Roger Dubuis makes some of the most flamboyant watches in the industry today. Over the years, the brand’s calling card has been oversized cases in exotic materials, extroverted design, and partnerships with showy brands like Lamborghini. The irony that the company’s eponymous founder spent 14 years at a purist’s paradise like Patek Philippe isn’t lost on the watch collecting community.
Driven by a belief that there is increasing demand for more “expressive and contemporary” timepieces, Roger Dubuis has strived to impress haute horology enthusiasts with their disruptive watchmaking skills. Having steered clear of complications like perpetual calendars and minute repeaters in recent years to focus more on material innovations and movement construction, Roger Dubuis brought its contemporary watchmaking chops to the minute repeater complication this year. At Watches & Wonders 2020, they unveiled a unique new chiming watch, the Excalibur Diabolus in Machina, an irreverent take on the traditional minute repeating complication.
Why did Roger Dubuis bring back the minute repeater? Turns out they never stopped making them. “Actually the most complicated timepieces of the past few years were made for our bespoke department. We just did not advertise them as they have visible features linked to the personal life of our clients. Nevertheless it is a good way to keep improving our know-how and come up with timepieces such as the Diabolus in Machina,” says Gregory Bruttin, product strategy director at Manufacture Roger Dubuis.
“Besides, it is important to recall that we are a manufacture that has developed, in our short existence, more calibers and complications than most other haute horology brands. Among these, one can find the four most important – split-second chronograph, minute repeater, perpetual calendar and the tourbillon,” he adds.
The new minute repeater’s name Diabolus in Machina is a reference to “tritone” in music theory. In Medieval times, it was believed that the devil was said to exist in a particular musical tone. For centuries, it was called the devil's interval — or, in Latin, diabolus in musica and its use was banned during the Renaissance period. Roger Dubuis has chosen to tune its minute repeater to the sound of the tritone, it is specifically tuned to C and G flat.
“The Diabolus in Machina is a good example of how we work because it is a mix of technique and design (sound design in this case). How do you modernize a minute repeater? See this is a rather open question. That led us to consider the sound not only from a technical standpoint – how do I make a clear sound – but also from a (sound) design stand point – what is special about our sound. Through discussions and exploration, we eventually ended-up with the tritone, which made both our classical and rock music fans very happy,” says Bruttin.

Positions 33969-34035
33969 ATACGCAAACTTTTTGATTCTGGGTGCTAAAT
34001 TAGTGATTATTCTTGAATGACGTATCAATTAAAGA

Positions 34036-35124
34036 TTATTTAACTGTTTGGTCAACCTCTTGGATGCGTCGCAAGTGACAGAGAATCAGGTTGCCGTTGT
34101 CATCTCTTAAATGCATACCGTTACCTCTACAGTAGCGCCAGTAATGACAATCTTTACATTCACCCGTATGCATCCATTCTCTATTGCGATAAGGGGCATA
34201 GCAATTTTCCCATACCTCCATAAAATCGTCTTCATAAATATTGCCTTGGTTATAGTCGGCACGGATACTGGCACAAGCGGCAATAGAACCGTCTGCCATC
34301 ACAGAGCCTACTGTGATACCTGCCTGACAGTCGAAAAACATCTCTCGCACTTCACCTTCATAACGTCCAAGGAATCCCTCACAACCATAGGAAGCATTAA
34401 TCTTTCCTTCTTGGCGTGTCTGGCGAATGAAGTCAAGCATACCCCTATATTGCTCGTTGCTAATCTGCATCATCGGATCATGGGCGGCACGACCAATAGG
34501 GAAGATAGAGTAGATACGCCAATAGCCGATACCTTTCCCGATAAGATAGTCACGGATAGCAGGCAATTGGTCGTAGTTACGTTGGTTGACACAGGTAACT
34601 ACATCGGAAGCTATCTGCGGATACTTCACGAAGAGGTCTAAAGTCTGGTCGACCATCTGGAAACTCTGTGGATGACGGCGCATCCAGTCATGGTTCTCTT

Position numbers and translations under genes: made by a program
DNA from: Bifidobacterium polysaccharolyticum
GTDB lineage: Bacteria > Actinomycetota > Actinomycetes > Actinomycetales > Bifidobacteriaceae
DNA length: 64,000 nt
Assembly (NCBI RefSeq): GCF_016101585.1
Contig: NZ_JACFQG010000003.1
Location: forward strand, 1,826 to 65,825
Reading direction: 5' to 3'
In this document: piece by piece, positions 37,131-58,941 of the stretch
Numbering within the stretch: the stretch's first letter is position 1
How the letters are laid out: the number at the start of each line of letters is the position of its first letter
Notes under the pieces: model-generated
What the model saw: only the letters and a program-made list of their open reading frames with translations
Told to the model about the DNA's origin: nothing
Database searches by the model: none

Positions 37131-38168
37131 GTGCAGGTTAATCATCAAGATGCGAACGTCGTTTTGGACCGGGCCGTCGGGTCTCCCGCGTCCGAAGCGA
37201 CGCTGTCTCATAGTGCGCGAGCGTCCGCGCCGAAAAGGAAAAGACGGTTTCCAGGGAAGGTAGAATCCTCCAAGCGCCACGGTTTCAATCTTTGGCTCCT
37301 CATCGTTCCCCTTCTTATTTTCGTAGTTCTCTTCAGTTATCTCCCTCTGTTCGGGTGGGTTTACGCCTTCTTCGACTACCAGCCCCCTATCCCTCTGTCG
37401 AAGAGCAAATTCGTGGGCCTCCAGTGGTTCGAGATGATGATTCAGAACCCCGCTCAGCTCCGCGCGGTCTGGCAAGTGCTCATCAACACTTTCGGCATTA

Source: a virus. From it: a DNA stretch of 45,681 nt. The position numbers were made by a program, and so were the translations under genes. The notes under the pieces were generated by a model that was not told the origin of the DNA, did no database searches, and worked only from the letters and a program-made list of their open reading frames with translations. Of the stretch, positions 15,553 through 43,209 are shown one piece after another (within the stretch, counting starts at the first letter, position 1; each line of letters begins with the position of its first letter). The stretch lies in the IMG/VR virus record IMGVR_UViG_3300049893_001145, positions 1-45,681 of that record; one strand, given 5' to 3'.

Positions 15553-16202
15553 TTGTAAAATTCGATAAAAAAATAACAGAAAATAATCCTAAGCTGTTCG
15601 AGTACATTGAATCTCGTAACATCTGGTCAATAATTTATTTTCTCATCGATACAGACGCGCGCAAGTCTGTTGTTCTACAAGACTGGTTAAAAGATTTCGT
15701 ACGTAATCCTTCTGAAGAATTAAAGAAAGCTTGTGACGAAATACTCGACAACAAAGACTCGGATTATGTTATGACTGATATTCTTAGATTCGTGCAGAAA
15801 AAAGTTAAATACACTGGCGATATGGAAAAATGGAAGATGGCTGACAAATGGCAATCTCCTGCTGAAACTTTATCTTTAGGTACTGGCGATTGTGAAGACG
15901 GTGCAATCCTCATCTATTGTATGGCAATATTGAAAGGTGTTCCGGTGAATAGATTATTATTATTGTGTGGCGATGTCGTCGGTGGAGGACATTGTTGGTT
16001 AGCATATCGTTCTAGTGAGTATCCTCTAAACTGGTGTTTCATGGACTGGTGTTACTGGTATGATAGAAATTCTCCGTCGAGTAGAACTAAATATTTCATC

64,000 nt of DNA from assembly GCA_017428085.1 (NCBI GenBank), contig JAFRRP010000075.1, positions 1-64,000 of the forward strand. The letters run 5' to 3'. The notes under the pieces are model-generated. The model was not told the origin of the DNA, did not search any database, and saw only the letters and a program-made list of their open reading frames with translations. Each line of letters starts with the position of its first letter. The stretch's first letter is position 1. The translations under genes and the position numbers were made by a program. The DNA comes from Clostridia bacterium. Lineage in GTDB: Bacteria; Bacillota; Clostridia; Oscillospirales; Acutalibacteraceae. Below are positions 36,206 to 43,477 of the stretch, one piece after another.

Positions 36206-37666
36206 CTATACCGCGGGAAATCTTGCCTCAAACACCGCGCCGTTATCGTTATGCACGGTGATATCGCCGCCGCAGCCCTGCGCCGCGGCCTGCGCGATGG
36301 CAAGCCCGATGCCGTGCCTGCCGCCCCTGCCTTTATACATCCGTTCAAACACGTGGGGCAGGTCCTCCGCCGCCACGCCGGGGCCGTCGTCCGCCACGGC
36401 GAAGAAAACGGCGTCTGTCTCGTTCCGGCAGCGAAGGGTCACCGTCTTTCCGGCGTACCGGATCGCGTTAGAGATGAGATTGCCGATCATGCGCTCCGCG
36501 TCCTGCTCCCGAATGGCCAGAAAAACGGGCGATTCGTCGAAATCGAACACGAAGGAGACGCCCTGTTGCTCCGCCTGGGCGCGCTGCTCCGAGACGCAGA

The Excalibur range is known for its open-worked dials with the prominent star-shaped bridge. On this particular watch, the skeletonized NAC-coated bridges are arranged to look as if the star is imploding and uprooted some of the dial’s Roman numerals in its wake. As if creating a minute repeater wasn’t complicated enough, a flying tourbillon is also thrown into the mix. “The de-structured design of the timepiece is probably one of the biggest risks we took. Usually in watchmaking, design is all about well-balanced proportions in a somewhat symmetric way. In this case, we wanted to break and explode our existing codes to reach another level of creativity. It is an incredible and strong statement from an artistic point of view. The tourbillon is part of the apparent chaos that lies in the very heart of the Diabolus in Machina. Instead of bringing the second complication of the timepiece into the forefront of the watch, we integrated it inside the whole concept,” says Bruttin.
This watch also sees the return of performance alloy that was first used on the Roger Dubuis Excalibur Quatuor Blue Cobalt MicroMelt. The material, Cobalt MicroMelt, is widely associated with aeronautics and medical sciences. It is produced through a complex process that involves atomizing the molten alloy and turning it into a fine powder. The powder is then filtered to keep only the finest particles, then subjected to high temperatures and pressure, creating a dense and hard metal. It’s an unusual choice for a minute repeater case, but Bruttin explains that in terms of acoustic, the sound waves live well within this dense case, staying “as intact as possible when bouncing against it”. He says the focus was not to have the loudest sound, but keep the most harmonious one.
The brand like to think of Poinçon de Genève as a foundation on which to build their vision.
Roger Dubuis has consistently gone against the mainstream edicts of the industry. The company has gone above and beyond just achieving the Poinçon de Genève – an exclusive quality seal that mainly concerns the decoration and handfinishing of movements made in the Canton on Geneva. The brand like to think of this quality seal as a foundation on which to build their vision. “In other words, the foundation of our brand is the respect and the real appreciation of traditional haute horlogerie. Roger Dubuis intends to take haute horlogerie to a level we call “Hyper Horlogerie”. We need people with a certain culture of horlogerie – because one does not create anything without culture – and the same people must be open-minded and ready to question every bit of their culture in order to make it evolve.” The challenge then is not to combine traditional watchmaking with modernity, but find the right people (including clients) who understand the brand’s vision of hyper horlogerie.